Features of German Wines
Germany is the sixth largest wine producer in the world. More than 60% of this volume belongs to white wines. It is almost impossible to buy low-quality German wine due to strict standards for viticulture and winemaking. The best regions of German wine origin are Moselle, Baden, Pfalz, Rheingau. Germany is one of the few countries where good natural semi-sweet wines are made.
Classification of German wines
Simple German wines Landwein, Deutscher, which pass regional quality control tests every day
Tafelwein or Tafelwein and the highest quality wines preserved by their origin are classified as QmP - this indicates that the berries are a late product when they accumulate the maximum amount of aroma and flavor. The final wine group includes:
Cabinet - light dry wines from grapes harvested in mid-September.
Spatlese - more aromatic wines, dry and semi-sweet, grapes harvested in mid-October.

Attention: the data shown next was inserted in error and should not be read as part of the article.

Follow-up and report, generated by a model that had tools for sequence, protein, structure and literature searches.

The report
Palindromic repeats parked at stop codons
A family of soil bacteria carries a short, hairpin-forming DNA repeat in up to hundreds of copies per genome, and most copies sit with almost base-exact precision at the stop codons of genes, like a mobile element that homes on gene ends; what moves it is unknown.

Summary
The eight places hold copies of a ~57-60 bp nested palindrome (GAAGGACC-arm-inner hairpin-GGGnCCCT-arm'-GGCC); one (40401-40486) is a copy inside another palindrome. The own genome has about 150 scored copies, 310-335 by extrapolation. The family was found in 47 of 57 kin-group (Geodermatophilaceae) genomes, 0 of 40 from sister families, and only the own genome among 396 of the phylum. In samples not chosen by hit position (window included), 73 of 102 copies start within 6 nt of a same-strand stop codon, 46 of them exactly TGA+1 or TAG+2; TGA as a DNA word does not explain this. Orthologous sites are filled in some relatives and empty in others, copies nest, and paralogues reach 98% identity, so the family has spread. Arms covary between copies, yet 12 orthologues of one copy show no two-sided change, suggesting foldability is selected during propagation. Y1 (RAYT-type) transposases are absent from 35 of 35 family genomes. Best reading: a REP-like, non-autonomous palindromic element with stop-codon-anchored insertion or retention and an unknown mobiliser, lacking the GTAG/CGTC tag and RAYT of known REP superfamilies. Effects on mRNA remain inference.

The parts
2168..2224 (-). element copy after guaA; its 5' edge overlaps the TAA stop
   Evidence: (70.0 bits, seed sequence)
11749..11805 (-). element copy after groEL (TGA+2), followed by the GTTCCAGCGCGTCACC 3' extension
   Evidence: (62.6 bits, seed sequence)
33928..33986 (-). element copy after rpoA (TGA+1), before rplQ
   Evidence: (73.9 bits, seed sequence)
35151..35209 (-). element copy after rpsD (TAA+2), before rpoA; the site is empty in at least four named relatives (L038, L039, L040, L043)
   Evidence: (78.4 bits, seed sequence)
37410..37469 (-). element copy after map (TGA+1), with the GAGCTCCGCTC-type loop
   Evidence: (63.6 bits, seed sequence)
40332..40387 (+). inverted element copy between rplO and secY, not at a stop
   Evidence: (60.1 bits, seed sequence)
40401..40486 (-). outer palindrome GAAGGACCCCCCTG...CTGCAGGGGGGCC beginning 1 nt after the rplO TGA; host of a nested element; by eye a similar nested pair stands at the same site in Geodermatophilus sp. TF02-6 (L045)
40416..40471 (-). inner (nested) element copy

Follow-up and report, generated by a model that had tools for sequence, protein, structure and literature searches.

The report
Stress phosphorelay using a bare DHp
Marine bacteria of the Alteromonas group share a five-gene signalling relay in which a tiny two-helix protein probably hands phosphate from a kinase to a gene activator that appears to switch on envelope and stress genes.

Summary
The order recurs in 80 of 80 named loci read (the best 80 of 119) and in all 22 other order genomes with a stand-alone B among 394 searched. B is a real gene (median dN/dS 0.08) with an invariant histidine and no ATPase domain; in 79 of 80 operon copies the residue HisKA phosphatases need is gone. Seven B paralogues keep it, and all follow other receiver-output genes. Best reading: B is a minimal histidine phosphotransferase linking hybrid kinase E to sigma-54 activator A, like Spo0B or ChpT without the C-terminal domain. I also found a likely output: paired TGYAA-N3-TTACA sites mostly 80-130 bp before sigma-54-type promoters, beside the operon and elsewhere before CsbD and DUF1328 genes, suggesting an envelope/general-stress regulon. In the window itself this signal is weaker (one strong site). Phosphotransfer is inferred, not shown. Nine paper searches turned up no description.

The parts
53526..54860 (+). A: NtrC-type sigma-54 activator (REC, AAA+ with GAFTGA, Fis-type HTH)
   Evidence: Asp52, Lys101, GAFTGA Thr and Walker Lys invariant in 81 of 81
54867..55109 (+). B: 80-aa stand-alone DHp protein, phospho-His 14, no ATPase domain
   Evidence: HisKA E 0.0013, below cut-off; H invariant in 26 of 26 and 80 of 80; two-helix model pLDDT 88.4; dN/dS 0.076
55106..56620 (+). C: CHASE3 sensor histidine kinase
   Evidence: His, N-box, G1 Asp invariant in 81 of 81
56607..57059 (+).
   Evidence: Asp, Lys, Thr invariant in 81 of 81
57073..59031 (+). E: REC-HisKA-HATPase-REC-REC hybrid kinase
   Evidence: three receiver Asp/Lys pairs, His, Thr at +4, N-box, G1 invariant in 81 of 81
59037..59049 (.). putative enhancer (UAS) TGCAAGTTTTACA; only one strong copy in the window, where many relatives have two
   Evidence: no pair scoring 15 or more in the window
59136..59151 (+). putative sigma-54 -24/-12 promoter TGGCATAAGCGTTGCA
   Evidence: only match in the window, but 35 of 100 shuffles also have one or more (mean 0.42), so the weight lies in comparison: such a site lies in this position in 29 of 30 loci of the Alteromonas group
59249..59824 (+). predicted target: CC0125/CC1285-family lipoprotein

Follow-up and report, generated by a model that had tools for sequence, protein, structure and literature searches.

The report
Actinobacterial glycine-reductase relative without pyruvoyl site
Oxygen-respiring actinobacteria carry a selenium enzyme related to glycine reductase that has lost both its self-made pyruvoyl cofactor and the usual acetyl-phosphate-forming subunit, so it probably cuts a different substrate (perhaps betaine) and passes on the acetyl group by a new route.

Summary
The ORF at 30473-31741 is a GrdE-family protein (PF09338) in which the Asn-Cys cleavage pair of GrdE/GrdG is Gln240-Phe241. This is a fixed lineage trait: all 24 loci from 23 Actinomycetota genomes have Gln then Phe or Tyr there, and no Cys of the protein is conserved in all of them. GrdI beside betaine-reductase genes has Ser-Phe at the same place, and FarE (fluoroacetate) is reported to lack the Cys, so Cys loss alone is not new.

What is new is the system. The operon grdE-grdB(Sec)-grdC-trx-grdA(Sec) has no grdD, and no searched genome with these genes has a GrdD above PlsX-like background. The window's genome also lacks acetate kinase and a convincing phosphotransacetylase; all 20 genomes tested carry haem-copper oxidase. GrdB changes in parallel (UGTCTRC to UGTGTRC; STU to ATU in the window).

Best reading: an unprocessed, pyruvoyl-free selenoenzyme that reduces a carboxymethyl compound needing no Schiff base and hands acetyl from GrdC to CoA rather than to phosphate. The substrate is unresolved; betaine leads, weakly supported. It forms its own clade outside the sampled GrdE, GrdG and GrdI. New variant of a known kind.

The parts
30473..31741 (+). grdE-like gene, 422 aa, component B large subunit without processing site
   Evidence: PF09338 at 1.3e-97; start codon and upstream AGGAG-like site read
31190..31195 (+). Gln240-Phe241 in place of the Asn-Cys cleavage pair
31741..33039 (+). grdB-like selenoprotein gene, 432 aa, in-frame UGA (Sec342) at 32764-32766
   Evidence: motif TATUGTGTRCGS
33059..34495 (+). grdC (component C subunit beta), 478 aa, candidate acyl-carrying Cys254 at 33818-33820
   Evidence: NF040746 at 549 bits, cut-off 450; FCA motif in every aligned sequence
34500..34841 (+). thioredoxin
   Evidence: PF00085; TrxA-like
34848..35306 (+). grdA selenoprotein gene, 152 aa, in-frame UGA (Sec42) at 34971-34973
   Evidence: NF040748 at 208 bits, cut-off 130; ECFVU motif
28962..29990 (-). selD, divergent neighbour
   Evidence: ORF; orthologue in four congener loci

Auslese - wines selected from late ripening grapes. They are distinguished by their rich taste and aroma.
Beerenauslese - expensive and tasty wines, most sweet wines, made from botrytised grapes.
Trockenbeerenauslese is in the category of high-sugar elite wines. Produced from Riesling, Sauvignon Blanc, Traminer and other grape varieties. Grapes for this rare and expensive wine are used in the form of grapes harvested when the temperature drops below 0 ° C.
The most common grape varieties in Germany are white Riesling, Müller-Thurgau, Gewürztraminer. Spätburgunder differs from reds. International Pinot Noir is the local name of the variety. Good red wines are made in the sunny southern regions of Baden and Pfalz.
Riesling is the king and pride of German winemaking. Cool climate, surprisingly delicate, has the best acidity, produces advanced Rieslings. The invigorating Rieslings on the Moselle-Saar-Ruver appeal are especially appreciated. Bernkastel is famous for its best Rieslings, highly valued by experts. Strawberries from Rheingau are denser and more aromatic.